Thanksgiving is a uniquely American holiday in that it is anything but unique. It is a holiday that transcends all the different people and traditions that came together in this one place to be a different people yet. Our national identity appeals to the most base and simple instincts of everyone and yet reaches for the greater aspirations that are the very spirit humanity. Rather than say the same things over again in a different way, I thought I’d assemble the ways I’ve tried to spell these out before. Follow the links to the original pieces.
I’m never going to capture the spirit of Thanksgiving any better than I did last year in my piece “Promised Land”. To many people, this rough continent is indeed a Promised Land for anyone with the desire to make it home:
The passage across the water to peace and prosperity is not merely an event, it becomes a series of legends that define a people. At some point, the grandkids will have to know just how bad it was and how lucky they are. Telling them they are in the Promised Land may be the only way to do the stories justice.
This thought came through to help me, personally, survive the very next day as our simple trip northward to be with family became a trying ordeal:
I’m thankful and I’m always thankful, even when it doesn’t go right as planned. That’s what insurance and AAA are there to cover, after all. A few hours spent by the road is nothing if it gives you a decent story to tell. We all had a lot to be thankful for as we sat down, together, and had a traditional dinner.
That is the spirit of grace that I have tried to instill even when I criticize our world and its simple human folly. I do believe that, in the end, Redemption without Grace is not reasonable, even if it has become very popular to believe otherwise:
If popular fiction really is a mirror being held up against us, the image we see is not a pretty one. The heritage of Western Culture has turned into a strange kind of cartoon – exaggerated, repetitious, vain, slapstick, and ultimately too silly watch.
But this isn’t a day to complain. I had a chance to meet up with some old colleagues I haven’t seen for a while. One of them, Sigi, is the kind of arrival to our land who is not interested in hearing about the faults of his adopted homeland. He was right to admonish me when I whined about one thing or another, but I didn’t have a chance to tell him before I had to leave our gathering. I’ll put this here as my way of thanking him for keeping it real:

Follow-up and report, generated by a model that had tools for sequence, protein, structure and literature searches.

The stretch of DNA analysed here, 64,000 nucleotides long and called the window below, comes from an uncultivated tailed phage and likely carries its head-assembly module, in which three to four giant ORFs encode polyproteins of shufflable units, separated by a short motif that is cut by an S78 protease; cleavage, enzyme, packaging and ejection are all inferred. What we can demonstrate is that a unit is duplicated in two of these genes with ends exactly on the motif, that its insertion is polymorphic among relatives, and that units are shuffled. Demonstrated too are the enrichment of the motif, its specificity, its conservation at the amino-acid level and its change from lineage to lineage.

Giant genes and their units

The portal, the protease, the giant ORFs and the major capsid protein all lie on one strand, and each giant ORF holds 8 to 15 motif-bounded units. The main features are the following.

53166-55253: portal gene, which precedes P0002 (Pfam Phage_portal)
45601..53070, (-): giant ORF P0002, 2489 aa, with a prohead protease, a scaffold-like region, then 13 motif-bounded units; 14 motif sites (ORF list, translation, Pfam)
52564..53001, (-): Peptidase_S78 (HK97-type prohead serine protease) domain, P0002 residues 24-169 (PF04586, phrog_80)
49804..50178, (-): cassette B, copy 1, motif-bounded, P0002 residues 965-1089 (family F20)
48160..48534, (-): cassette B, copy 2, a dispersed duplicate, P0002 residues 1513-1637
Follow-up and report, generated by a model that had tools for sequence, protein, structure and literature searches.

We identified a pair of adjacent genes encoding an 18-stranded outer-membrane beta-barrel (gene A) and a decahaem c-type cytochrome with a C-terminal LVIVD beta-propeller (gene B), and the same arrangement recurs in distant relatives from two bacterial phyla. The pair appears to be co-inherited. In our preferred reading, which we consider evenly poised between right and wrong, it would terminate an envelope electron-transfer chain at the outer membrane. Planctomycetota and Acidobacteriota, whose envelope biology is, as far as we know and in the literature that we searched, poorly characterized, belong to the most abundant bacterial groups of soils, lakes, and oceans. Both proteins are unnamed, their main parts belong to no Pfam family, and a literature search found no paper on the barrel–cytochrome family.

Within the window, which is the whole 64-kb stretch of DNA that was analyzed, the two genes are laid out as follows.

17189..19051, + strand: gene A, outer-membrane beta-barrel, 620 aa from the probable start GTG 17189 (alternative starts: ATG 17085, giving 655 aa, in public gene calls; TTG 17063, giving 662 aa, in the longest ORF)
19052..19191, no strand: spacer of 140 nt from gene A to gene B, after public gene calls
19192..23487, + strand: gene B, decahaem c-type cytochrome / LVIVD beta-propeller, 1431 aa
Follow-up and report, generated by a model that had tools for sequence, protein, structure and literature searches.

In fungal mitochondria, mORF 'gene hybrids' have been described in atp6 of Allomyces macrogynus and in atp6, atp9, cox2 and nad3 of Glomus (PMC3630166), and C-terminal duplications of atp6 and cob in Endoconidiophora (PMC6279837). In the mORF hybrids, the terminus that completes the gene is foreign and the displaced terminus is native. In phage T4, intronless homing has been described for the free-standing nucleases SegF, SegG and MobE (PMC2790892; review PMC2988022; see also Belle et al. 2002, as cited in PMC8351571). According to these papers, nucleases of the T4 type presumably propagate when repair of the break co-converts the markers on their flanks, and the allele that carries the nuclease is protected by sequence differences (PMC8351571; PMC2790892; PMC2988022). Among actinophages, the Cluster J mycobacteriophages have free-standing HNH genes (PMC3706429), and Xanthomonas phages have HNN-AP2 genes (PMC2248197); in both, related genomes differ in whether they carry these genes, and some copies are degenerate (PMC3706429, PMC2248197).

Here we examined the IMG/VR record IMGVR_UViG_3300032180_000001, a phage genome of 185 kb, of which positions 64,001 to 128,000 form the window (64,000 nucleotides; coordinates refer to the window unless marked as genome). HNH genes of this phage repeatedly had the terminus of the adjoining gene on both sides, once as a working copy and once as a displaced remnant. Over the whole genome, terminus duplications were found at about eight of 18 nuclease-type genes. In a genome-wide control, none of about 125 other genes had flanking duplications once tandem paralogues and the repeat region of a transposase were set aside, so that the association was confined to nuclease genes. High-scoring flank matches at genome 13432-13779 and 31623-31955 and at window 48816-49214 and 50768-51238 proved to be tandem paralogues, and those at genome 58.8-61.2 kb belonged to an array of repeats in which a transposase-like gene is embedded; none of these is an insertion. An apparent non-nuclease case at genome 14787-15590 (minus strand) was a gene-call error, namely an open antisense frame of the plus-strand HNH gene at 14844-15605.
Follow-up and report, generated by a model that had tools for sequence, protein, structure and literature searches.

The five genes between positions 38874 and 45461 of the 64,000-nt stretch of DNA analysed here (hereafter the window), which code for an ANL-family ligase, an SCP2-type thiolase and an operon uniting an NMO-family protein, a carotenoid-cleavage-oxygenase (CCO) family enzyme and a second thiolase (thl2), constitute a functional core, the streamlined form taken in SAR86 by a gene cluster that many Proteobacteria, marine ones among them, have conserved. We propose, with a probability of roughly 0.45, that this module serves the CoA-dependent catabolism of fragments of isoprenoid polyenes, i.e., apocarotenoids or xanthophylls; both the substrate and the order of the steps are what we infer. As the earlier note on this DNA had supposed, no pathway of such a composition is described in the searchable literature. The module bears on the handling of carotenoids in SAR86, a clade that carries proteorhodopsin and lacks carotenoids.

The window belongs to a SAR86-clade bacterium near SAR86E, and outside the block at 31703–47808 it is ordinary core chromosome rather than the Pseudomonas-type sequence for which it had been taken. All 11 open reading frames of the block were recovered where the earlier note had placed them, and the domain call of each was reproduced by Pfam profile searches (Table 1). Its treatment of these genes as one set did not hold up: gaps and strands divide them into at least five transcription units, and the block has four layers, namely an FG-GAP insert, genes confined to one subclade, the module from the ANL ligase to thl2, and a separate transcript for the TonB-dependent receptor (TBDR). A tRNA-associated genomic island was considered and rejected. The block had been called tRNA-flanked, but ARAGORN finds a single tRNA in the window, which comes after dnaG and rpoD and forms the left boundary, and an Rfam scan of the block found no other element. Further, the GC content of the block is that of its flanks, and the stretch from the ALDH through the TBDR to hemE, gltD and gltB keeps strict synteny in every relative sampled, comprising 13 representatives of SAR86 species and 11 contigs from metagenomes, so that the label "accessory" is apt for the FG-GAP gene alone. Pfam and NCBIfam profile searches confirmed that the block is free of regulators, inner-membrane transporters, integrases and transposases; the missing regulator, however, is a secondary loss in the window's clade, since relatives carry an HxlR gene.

Those of us who’ve seen the alternative know that for its faults, this is still a land of freedom and opportunity. This is a nation that can still amaze and surprise us, if we can find a way to nurture it and live up to the challenge each generation of Founding Parents has given us. We are a family, and when we’re all together we can recount the old stories and understand all of this as we pass it on to another generation.
That’s what the stories that end in deliverance to a Promised Land are all about, after all. The USofA, for all its faults, is still about the very best aspirations of all people, some of which are best expressed in remarkably simple terms:
As we celebrate the holiday based on the acceptance of our catechism, this is all a good thing to remember. To “Fly the Flag” is more than just hanging out a piece of cloth on a pole – it’s the process of living up to both the common standards of decency and our highest ideals. It’s not exactly easy, but in the end it’s absolutely essential. We are a people, and unlike so many other people that are defined by land and language we are defined by what we believe in. If we let our ideals down, we let our nation down.
It’s as simple as a bit of humility, as solemn as remembering the sacrifices of those who came before us, and as blissful as a warm meal prepared with love. The Promised Land isn’t just a series of stories, it’s the aspirations of people from every corner of the globe made real. It’s a lot to live up to, but in the end it’s something not too far inside of all of us. That’s what Thanksgiving is all about.